China continues to send out signals that its recent efforts to stamp out online gambling in other Southeast Asian nations are no passing fancy.
On Wednesday, the state-run Global Times media outlet published an editorial by writer Wang Jiamei, who argued that “more efforts are still needed from joint law enforcement” cooperation between China and neighboring countries “for the long-term benefits of local economies.”
Wang claimed that the recent exodus of Chinese gambling operators from Cambodia following that country’s decision to phase out its online gambling licensing regime is “only a small issue” and that the crackdown “is not specifically directed at the Chinese community.”
But Wang said China’s government “strongly opposes Chinese companies that are involved in the gaming industry in Cambodia” due to most of the online gambling operations relying on mainland Chinese customers. Wang claimed that gambling poses “a threat to social development and public security” and that China and Cambodia are each “trying to eliminate those that undermine the healthy development of their economies and societies.”
Wang celebrated the launch this March of the ‘Year of Law Enforcement Cooperation’ between China and Cambodia. This cooperation has so far resulted in the arrests of nearly 1,000 Chinese nationals in Cambodia, one-third of which were accused of running illegal online gambling operations.
Wang took a dimmer view of other “Southeast Asian countries with relatively loose regulations” to which criminals had fled in order to engage in “fraud, online gambling and other illegal industries.” Wang cited the Philippines, Myanmar and Laos as countries in which these criminals had restarted their illegal businesses.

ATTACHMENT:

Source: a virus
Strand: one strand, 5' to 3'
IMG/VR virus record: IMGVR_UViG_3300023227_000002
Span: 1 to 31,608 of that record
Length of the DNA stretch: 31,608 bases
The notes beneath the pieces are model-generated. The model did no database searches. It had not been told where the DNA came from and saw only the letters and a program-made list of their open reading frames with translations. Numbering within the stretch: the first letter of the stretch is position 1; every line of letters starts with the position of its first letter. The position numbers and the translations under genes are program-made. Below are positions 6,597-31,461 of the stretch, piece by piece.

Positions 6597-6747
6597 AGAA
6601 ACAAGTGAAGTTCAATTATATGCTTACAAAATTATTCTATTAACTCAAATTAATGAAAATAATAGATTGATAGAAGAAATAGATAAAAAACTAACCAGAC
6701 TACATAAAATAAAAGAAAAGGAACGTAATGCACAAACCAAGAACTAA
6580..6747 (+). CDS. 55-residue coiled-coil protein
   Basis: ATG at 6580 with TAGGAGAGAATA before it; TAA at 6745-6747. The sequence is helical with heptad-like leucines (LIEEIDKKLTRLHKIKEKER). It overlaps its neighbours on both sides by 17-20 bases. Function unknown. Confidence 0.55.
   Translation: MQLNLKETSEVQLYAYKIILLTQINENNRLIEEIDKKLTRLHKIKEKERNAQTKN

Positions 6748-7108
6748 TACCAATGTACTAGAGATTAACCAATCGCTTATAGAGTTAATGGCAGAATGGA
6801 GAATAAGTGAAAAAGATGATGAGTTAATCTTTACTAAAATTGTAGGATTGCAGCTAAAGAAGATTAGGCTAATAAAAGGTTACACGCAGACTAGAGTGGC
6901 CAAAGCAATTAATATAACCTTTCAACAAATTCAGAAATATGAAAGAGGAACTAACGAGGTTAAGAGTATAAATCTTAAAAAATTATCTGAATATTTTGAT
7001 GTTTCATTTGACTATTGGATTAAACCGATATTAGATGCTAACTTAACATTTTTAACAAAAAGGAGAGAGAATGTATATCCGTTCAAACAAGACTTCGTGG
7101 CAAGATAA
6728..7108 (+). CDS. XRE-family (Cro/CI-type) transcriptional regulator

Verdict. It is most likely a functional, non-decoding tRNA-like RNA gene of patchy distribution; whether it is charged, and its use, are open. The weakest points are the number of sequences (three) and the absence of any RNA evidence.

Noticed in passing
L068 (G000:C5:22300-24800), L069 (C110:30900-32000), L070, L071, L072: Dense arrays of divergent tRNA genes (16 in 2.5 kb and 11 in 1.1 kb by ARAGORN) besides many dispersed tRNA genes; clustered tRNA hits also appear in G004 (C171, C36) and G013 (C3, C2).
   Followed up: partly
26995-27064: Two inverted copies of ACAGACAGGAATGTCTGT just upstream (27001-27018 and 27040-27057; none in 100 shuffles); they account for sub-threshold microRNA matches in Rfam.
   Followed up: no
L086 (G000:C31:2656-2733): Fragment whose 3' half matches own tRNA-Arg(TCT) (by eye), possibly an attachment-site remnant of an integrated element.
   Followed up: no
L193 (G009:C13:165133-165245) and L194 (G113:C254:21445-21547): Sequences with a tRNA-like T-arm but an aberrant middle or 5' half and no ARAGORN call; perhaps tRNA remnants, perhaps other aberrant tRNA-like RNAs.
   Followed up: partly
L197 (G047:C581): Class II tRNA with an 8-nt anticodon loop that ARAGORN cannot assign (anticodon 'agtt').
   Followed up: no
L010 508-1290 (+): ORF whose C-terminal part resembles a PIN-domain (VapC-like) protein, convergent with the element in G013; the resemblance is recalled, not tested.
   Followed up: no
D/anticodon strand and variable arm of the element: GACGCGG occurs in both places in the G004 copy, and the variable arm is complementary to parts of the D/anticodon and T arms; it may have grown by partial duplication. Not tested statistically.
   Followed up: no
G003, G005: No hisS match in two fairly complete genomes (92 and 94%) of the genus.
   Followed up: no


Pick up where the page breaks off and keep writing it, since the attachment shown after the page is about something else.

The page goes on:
Wang allowed that authorities in other countries were starting to come around to China’s view of the situation — August saw China and Vietnam conduct their first joint anti-online gambling operation – and Wang also praised this month’s mass arrests in the Philippines of unauthorized online gambling and investment fraud operations. However, the Philippine government has so far resisted China’s public urging to follow Cambodia’s lead and shut down its own online gambling sector.
In July, China showed that domestic firms weren’t exempt from this new attitude. Beijing accused Asia’s leading casino junket operator Suncity Group of operating illegal online gambling sites that catered to mainland Chinese clients. Suncity denied the claims but subsequently vowed to discontinue any activities that weren’t allowed by Macau gaming regulators.
Where will it all end? As usual, China is playing its cards close to its chest, but it seems that its growing willingness to flex its muscles on the global stage will not leave online gambling untouched.